Impressions of the first show, and the new gear we saw there.

For any guitarist, there’s nothing better than being able to plug into your favorite rig, turn it up to your heart’s content and wail away without having to hear someone yell, “Turn that damn thing down!” And that’s exactly the concept behind the first annual Nashville Amp Expo, which was held this past weekend at the Hyatt Place in Brentwood, Tenn., just a few miles south of downtown Nashville.

While certainly not the first amp show of its kind, the Amp Expo was the first one in Nashville, where countless studio and pro musicians are constantly on the prowl for that exclusive, one-of-a-kind tone that usually ends up defining the next big single or album.

The Expo’s main sponsor, Creation Audio Labs, booked the entire Hyatt Place – that’s right, all five floors – and 72 exhibitors helped fill it full of the latest, greatest guitar gear. Among those displaying their newest wares were Marshall, Vox, Peavey, Digitech, Lindy Fralin (yes, he was there in the flesh), Metropoulos Amplification, Reeves Amplification and Jensen Speakers, among others. Guitar manufacturers that made it to the show were Delgado Guitars, RG Custom Basses, Crow Hill Guitars, and Kelton Swade Relics.

“It really was an awesome show, and we take our hats off to all the people that made it possible,” said Gary Gistinger, president of Creation Audio Labs. “We’re still thinking about doing another one in February, but we’re not quite sure yet. We’re querying all the participants now and should have an answer soon. But there will definitely be another Expo next summer on Aug. 21-22, 2010, at the same hotel, so plan on that one for sure.”

Among those displaying new products for the first time were HipKitty, with its brand new Ocotillo amp head – expect a new page for it on the HipKitty website by week’s end. Reason Amps unveiled the newest small terror, called the Bambino, which packs 8W of power into a compact head that actually sounds much bigger than it looks (check out the YouTube demo). Bob Reinhardt of Reinhardt Amps brought along three as-yet-unnamed prototype models, including a big “clean” head with four 6L6 tubes and reverb, a new bass amp, and a stunning “Dumble bluesmaster-style” amp that practically stole the show. Nolatone also had people talking with its new Super JuneBug, an amazing two-channel 5W amp with extreme versatility, and the new Chimey Limey 30, which was described by one attended as a “Vox AC30 with no issues … perfect.” Kingdom Amplifiers unveiled its new 50W, all tube Neuma Standard, and Ark Amplifiers showed off the first prototype of its latest model, the Tarkus.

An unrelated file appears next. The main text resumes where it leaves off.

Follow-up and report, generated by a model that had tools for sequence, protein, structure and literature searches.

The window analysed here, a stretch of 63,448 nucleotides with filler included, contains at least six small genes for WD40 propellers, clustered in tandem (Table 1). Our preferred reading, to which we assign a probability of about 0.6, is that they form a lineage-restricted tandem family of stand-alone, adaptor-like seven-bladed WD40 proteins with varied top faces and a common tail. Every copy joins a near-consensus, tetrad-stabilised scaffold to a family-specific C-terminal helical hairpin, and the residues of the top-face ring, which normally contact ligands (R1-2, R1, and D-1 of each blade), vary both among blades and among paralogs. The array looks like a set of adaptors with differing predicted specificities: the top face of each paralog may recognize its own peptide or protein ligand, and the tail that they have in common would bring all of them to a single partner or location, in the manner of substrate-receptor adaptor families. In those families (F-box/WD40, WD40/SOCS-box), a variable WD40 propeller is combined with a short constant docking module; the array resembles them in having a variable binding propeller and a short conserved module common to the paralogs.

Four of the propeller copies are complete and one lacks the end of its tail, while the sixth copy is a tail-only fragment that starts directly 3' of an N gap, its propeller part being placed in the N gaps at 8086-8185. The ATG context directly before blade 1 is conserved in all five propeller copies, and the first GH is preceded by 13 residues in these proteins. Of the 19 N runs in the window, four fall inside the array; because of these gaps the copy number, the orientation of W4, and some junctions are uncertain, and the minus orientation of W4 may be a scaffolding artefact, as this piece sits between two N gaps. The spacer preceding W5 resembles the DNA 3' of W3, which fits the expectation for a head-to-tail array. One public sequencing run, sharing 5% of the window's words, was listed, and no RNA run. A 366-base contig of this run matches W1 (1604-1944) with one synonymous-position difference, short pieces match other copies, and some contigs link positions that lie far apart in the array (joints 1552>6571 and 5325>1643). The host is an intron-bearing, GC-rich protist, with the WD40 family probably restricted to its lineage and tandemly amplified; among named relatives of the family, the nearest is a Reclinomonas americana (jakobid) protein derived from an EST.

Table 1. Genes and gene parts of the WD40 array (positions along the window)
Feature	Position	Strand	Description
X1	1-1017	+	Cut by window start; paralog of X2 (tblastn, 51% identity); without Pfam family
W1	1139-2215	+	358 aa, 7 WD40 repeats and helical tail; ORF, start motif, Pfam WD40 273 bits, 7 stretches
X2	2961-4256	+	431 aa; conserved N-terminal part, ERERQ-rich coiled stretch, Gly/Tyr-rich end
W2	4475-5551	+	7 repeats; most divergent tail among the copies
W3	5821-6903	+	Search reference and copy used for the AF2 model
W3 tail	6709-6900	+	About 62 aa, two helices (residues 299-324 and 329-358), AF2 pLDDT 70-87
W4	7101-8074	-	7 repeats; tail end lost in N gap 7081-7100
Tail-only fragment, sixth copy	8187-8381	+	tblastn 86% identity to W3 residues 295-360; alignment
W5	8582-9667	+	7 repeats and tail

Click next for photos from the show...

Manuel Delgado of Delgado Guitars talks the finer points of guitar luthiery during his presentation at the Nashville Amp Expo on Aug. 23, 2009.

Two heads from Kingdom Amplifiers

Noted pickup guru Lindy Fralin demonstrating the tone from one of his many pickups

An impressive display of power from the Trillium Amplifier Company

An unidentified attendee putting a few Peavey amplifiers through their paces

An unidentified attendee rocking out on one of the new amps from Industrial amps while rep, Tony, watches

A few vintage "relics" from Nashville's Kelton Swade, maker of "relic guitars with vintage soul"

An unidentified attendee checks out a few Marshall amps

A few of the latest creations from Retro-King Amps of Marcellus, N.Y.

Bob Reinhardt watches as an unidentified attendee test drives one of his new Reinhardt Amps

The latest from Reeves Amplification

For more information on the Nashville Amp Expo, visit
Rig Rundown: Adam Shoenfeld

Whether in the studio or on his solo gigs, the Nashville session-guitar star holds a lotta cards, with guitars and amps for everything he’s dealt.

Adam Shoenfeld has helped shape the tone of modern country guitar. How? Well, the Nashville-based session star, producer, and frontman has played on hundreds of albums and 45 No. 1 country hits, starting with Jason Aldean’s “Hicktown,” since 2005. Plus, he’s found time for several bands of his own as well as the first studio album under his own name, All the Birds Sing, which drops January 28.

Read More Show less

Diatonic sequences are powerful tools. Here’s how to use them wisely.



• Understand how to map out the neck in seven positions.
• Learn to combine legato and picking to create long phrases.
• Develop a smooth attack—even at high speeds.

{u'media': u'[rebelmouse-document-pdf 13574 site_id=20368559 original_filename="7Shred-Jan22.pdf"]', u'file_original_url': u'', u'type': u'pdf', u'id': 13574, u'media_html': u'7Shred-Jan22.pdf'}
Knowing how to function in different keys is crucial to improvising in any context. One path to fretboard mastery is learning how to move through positions across the neck. Even something as simple as a three-note-per-string major scale can offer loads of options when it’s time to step up and rip. I’m going to outline seven technical sequences, each one focusing on a position of a diatonic major scale. This should provide a fun workout for the fingers and hopefully inspire a few licks of your own.
Read More Show less